Want an interesting book for some of those long winter evenings just around the corner. Log on to amazon.com or barnesandnoble.com and order a copy of Cotton's Renaissance — A Study in Market Innovation.
While the intent of the book is to trace the history of Cotton Incorporated — the producer-funded research and promotion organization — and its role in rescuing U.S. cotton from its status as an also-ran fiber and turning it into one of the 20th century's greatest marketing successes, the authors also skillfully weave into the narrative a wide-ranging roster of the people and events involved in this remarkable story.
There's potential for such an undertaking to be deadly dull and academic. This book isn't. Authors Timothy Curtis Jacobson and George David Smith haven't overlooked the human perspective in their historical account.
Though it chronicles the events that led to the creation, nurturing, and triumphs of Cotton Incorporated, it doesn't lose sight of the grower leaders who've stood by cotton and believed in it through thick and thin — from California's Ted Sheely to the High Plains' Eddie Smith to the Mississippi Delta's Percy family to South Carolina's Johnny Gramling, and many others who've helped bring the industry from mules and hand pickers to the era of mechanization and biotechnology.
It was from the hard times of the '20s and '30s, which saw the price of cotton drop to around 6 cents a pound in 1933, that the government cotton program was birthed and from which the impetus came for the 1938 formation of the National Cotton Council, the first industrywide, commodity-specific organization in the history of American agriculture.
Oscar Johnston, credited with pulling together cotton industry leaders into the council, said prophetically: “If major problems are to be resolved, it is something we do as an industry ourselves…” Unanimous resolutions quickly followed to unite under one banner of research, promotion, and political alertness.”
The demands of World War II hoisted America, and cotton along with it, out of the Great Depression. But waiting in the wings was a new enemy for cotton — synthetic fibers. To counter the competition from man-made fibers, industry leaders increasingly saw the need for expanded cotton research and promotion, with an emphasis on quality. Everyone connected with cotton knew its superiority, but the buying public needed to be sold.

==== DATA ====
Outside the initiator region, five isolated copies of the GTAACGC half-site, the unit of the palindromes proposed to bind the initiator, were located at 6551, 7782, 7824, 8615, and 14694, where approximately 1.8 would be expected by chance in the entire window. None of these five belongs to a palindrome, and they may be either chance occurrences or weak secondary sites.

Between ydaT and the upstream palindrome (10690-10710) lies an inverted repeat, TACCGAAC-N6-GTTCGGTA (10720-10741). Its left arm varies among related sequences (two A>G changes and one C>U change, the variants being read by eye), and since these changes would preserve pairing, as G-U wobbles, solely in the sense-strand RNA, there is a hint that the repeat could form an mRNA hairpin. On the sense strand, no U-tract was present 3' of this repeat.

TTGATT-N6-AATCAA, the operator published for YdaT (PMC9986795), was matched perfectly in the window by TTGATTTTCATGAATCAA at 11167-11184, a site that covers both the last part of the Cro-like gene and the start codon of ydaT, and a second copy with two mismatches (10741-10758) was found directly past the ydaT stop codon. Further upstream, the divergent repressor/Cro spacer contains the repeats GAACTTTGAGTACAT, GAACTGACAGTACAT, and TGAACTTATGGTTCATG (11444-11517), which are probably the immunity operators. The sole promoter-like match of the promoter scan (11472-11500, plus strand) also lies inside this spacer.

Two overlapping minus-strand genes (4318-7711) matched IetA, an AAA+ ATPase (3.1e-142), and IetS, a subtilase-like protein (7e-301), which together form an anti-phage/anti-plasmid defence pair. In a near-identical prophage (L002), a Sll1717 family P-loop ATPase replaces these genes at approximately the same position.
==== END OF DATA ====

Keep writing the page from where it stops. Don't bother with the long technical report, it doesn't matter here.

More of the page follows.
That need led to the Cotton Producers Institute, under the aegis of the National Cotton Council, and with the rallying cry of “a dollar per bale,” growers were enlisted to support research and promotion. In 1965 Congress authorized the cotton checkoff program.
But even with money coming in, cotton's promotion efforts paled beside those for synthetics. Industry leaders “were convinced that cotton's insiders were but innocents abroad in the world of marketing… and it was time to seek professional help.”
A report by the Booz-Allen consulting firm bluntly concluded the program “needed shock treatment.” Dukes Wooters, a Harvard MBA and Reader's Digest super ad salesman, was enlisted in cotton's cause, and on a plane from New York to Dallas he sketched out the Cotton Incorporated concept. In January 1971, the new name became official.
Wooters arm-twisted a San Francisco graphics designer into designing the Cotton Seal, which they had no way of knowing would become one of the most successful trademarks in the history of marketing. Later would come “The Fabric of Our Lives” advertising campaign. Combined with the Cotton Seal, it was a match made in heaven.
The impact of Cotton Incorporated on the markets for cotton is a remarkable achievement in organizational entrepreneurship, the authors say; as an independent, non-political, public-private company wholly dedicated to building markets for its commodity, it is unique.
It's an engrossing story. Get the book and see for yourself.
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